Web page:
A few days after the news broke that Israel and the United Arab Emirates had reached a peace agreement, I telephoned a friend who runs a travel agency and asked if anyone had called wanting to fly to Dubai, the Emirates’ most populous city. He reported that his office actually has been inundated with inquiries about visas to Dubai, the price of hotel rooms in the city, and more.
One of Israel’s main TV channels recently aired a special report on tourism in “eye-popping” Dubai. Newspapers and websites run almost daily photo essays showing the material wonders Israelis will soon have a chance to see firsthand.
These media outlets, however, seem to have forgotten one thing: According to halacha, it is likely forbidden to leave the Holy Land for a vacation in Dubai.
When a Jew leaves the Land of Israel, he is essentially turning his back on the Shechinah. Our Sages have stated, “A person who lives in Eretz Yisrael is like someone who has a G-d, and a person who lives outside of the Land is like someone who has no G-d and is considered like someone who worships idols” (Ketubot 110b).
I recently asked Rav Shlomo Aviner, rosh yeshiva of Ateret Yerushalayim in Jerusalem, about the halachos of leaving Israel. He referred me to his Hebrew treatise, Responsa on Eretz Yisrael. Here is a very condensed summary of his words:
According to the Rambam, it is forbidden to leave the Land of Israel, even temporarily, except for three reasons: to study Torah, to find a wife, and to do business. Once a person has fulfilled his task, the Rambam emphasizes, the person must return to Eretz Yisrael (Laws of Kings and Their Wars, 5:9; see Avodah Zara 13a).
Commenting on this ruling, Rav Tzvi Yehuda Kook (1891-1982), head of the Mercaz HaRav Yeshiva in Jerusalem, said, “Baruch Hashem, today there is no need to leave the Land of Israel to study Torah, there are an abundance of women of valor to find here, and a livelihood can readily be obtained here.”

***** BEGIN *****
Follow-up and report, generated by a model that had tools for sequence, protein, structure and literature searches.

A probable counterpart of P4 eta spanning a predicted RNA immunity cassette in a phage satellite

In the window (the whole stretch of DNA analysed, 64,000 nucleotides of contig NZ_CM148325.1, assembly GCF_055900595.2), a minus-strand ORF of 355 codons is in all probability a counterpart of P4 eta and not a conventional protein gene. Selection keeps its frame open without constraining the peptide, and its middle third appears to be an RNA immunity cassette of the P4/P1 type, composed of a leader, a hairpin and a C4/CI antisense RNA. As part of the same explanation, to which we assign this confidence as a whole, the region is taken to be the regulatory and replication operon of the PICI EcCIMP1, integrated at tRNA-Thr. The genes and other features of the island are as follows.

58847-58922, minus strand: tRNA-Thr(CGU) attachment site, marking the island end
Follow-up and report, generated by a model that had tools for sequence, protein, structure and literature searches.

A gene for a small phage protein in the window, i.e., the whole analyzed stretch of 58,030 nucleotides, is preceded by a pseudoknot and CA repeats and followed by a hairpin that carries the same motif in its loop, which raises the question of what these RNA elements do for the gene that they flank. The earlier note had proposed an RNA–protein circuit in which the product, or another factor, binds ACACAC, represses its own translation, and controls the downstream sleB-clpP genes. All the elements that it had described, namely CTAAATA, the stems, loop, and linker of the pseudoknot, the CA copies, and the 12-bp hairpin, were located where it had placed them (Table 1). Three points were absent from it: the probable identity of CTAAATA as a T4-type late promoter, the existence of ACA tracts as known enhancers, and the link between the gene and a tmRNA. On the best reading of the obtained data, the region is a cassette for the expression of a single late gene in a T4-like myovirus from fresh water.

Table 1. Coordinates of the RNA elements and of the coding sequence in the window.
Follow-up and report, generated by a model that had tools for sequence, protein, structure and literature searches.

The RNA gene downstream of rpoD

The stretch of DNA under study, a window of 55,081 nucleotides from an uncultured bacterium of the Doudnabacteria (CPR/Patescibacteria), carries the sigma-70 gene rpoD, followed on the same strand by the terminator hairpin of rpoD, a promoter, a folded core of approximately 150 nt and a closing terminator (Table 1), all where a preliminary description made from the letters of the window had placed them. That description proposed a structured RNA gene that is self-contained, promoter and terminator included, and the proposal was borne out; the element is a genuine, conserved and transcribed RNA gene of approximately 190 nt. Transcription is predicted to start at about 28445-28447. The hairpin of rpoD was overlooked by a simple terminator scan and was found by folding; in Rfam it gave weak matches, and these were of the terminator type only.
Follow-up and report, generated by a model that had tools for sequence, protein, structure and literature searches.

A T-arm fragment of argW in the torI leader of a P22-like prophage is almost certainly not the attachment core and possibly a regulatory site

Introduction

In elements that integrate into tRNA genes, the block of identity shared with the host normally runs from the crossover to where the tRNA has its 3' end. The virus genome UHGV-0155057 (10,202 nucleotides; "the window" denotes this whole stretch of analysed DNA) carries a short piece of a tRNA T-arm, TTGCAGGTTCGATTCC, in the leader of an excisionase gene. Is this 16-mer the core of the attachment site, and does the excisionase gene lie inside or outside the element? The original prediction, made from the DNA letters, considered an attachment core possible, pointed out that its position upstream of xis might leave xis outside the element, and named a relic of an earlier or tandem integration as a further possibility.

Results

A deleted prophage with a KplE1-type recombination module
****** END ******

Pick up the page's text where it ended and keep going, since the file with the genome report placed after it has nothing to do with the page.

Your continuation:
According to the Shulchan Aruch, it is forbidden to leave the Land of Israel for vacation. The Magen Avraham rules that leaving the Land is permitted to perform a mitzvah, even meeting a friend, but leaving for vacation is prohibited.
The Maharit rules that leaving the Land for a short period is permitted, but his opinion stands in opposition to that of all other major halachic authorities.
Some people claim that leaving for a short trip is permitted if a person purchases a roundtrip ticket. Some also claim that leaving is permitted for psychological relief. Some claim further that leaving is permitted to see wonders of nature that will inspire reverence of Hashem. However, no sources in halachic literature back any of these claims.
Some people try to justify their trips outside Israel by claiming they performed a mitzvah while abroad, but this justification doesn’t hold water because it is obvious that they didn’t leave to perform this mitzvah, but rather did it once outside the Land to justify having left the Land.
A person may enjoy the sights of nature outside the Land if he left temporarily to perform a specific mitzvah, such as raising money for an Israeli yeshiva. It is even permissible to arrange a fund-raising trip outside Israel in order to see beautiful sights because a mitzvah performed not for the sake of heaven is still a mitzvah.
Some people take trips to chutz la’aretz to trace their roots (“tiyulim shoreshim”), but doing so is improper since a Jew’s roots are not in Germany or Russia, but in Eretz Yisrael.
Leaving the Land of Israel to visit concentration camps is also not proper unless these trips are for youth who are totally estranged from Torah, Am Yisrael, and Jewish tradition, and a visit to Auschwitz, for example, will shock them into identifying with the Jewish people. Since pikuach nefesh is a factor in this case, leaving the Land is permitted.
The Sdei Chemed writes that leaving Israel to visit the gravesites of tzaddikim is permissible. Rav Avaraham Yitzhak Kook, however, disagreed. He argued that visiting the graves of tzaddikim is an exalted practice, not a mitzvah (Mishpat Kohen, 147).
Rav Shlomo Zalman Auerbach writes that if visiting the gravesite of a tzaddik in chutz la’aretz is personally important to a person’s connection to Hashem, traveling to it is permitted.
When Rav Auerbach traveled to his yeshiva in Bayit Vegan, he would pass by the military cemetery on Mount Herzl and occasionally ask his driver to stop by the side of the road so he could pray near the gravesites of the Israeli soldiers who sacrificed their lives for the nation. He would say there was no need to travel far away to pray at the gravesites of famous rabbis when so many holy tzaddikim are buried right here in the IDF Military Cemetery.